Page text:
Astorino: I’m showing Christie today’s New York Times
ALBANY—Andrew Cuomo's G.O.P. challenger Rob Astorino is meeting with Republican Governors Association bigwigs in Aspen this evening, and he brought this morning's New York Times with him.
Astorino held a conference call with reporters from Colorado to say an article on the Cuomo administration's dealings with the anti-corruption Moreland Commission shows a “strong likelihood” of “indictments and criminal charges” for obstruction of justice.
“How many of the governor's allies were spared subpoenas?” Astorino said, repeating a line of attack that he has been making for weeks, including at a joint press conference in Manhattan on Tuesday.
The news was swallowed yesterday by Astorino's suggestion that Chris Christie, the New Jersey executive and current R.G.A. chairman, relinquish its reins after he indicated an unwillingness to support Astorino's challenge against Cuomo.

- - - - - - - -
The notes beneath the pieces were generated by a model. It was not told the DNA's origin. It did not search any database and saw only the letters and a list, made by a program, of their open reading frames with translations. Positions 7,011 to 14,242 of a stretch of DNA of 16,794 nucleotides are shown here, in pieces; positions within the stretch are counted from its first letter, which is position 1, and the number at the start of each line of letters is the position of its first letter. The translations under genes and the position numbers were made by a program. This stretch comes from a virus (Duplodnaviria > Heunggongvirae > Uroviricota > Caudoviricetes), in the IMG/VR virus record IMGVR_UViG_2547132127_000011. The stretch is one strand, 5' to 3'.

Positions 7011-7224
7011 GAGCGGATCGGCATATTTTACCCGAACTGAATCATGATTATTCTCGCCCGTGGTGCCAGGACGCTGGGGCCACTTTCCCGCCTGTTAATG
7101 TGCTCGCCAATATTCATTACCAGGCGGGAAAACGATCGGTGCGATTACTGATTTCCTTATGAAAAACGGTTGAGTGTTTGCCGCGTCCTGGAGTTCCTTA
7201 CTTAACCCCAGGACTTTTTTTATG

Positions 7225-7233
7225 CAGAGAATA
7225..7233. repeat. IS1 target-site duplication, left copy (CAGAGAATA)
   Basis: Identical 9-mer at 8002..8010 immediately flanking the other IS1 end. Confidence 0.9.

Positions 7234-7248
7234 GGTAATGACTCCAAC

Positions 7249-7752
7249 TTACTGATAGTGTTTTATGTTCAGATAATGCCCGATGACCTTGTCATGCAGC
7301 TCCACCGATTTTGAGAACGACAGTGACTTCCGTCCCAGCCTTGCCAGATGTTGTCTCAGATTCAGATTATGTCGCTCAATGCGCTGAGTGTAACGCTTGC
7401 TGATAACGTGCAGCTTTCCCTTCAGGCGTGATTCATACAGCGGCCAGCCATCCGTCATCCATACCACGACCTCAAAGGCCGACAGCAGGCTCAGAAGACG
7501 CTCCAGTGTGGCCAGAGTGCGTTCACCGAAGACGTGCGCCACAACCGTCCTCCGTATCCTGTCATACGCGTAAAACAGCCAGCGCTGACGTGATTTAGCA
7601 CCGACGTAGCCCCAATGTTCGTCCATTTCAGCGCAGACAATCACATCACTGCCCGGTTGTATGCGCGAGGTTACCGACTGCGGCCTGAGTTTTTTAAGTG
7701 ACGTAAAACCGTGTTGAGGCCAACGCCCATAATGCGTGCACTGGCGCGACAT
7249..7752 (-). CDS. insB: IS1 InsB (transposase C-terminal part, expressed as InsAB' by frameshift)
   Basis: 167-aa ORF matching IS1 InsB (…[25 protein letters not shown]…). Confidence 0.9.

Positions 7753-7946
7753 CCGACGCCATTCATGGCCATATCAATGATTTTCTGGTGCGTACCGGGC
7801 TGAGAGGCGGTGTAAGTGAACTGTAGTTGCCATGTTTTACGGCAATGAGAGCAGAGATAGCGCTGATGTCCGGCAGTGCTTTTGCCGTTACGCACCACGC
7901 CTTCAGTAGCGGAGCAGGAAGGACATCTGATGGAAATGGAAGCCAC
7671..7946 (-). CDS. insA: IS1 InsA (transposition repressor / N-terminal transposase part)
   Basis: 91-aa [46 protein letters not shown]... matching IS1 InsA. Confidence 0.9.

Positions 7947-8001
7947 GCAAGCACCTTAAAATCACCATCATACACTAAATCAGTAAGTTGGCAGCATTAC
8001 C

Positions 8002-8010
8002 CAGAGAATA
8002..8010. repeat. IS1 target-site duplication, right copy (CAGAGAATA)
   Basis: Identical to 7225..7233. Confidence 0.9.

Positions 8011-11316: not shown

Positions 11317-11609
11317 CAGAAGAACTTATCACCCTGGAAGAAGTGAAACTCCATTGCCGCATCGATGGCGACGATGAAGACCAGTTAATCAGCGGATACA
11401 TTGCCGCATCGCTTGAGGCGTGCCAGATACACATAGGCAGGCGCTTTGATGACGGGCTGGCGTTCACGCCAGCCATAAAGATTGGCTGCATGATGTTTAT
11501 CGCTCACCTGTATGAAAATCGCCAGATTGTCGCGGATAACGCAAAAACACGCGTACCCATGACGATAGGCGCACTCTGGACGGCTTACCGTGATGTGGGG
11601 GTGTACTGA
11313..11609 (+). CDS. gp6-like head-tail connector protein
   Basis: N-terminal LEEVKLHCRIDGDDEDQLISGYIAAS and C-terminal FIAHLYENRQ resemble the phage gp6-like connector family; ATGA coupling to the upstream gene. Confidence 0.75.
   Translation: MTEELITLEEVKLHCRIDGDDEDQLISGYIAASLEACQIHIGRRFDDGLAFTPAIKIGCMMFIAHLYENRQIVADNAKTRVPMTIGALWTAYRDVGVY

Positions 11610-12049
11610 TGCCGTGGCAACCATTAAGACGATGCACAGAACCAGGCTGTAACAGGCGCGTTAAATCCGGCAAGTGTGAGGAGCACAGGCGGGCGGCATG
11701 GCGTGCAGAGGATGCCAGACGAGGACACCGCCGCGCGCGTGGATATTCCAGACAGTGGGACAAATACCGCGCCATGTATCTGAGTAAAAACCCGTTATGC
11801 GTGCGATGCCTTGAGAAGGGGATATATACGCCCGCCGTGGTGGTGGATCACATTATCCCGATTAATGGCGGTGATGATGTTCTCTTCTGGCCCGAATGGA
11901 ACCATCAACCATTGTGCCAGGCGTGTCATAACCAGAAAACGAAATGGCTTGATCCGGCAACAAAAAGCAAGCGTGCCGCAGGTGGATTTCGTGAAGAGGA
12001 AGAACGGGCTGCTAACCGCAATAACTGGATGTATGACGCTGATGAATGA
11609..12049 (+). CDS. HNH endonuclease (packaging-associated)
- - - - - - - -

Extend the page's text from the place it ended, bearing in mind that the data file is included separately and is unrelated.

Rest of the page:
“Much has been made of the governor's lead in the polls,” Astorino said on the conference call. “But it's dirty and it's corrupt and it's based on a big lie.”
The challenger said he had planned to attend the Aspen confab before Christie pooh-poohed him in Connecticut on Monday night, saying he would not spend time in support of “lost causes.” Astorino said other governors have committed to come to support him, but he declined to name names. He said he is looking forward to meeting Christie this evening.
“It's the same thing I said to him yesterday, but now I brought a copy of the New York Times with me,” Astorino said. “As I said yesterday, Governor Christie and I are friends, I admire what he's done in New Jersey. He's obviously done a wonderful job as chairman of the R.G.A. raising a record amount of money around the country, and I reiterate what I said: His job as chairman of the R.G.A. is to help get Republican governors re-elected and help get Republican candidates for governor elected. It would obviously be very convenient for him to come across the river into New York, where he is frequently fund-raising, to do things in New York. I'm sure that's what's going to happen.”
The Cuomo administration has said it acted properly by steering and advising the anti-corruption commission when its inquiries strayed toward Cuomo allies because it was never truly independent anyway.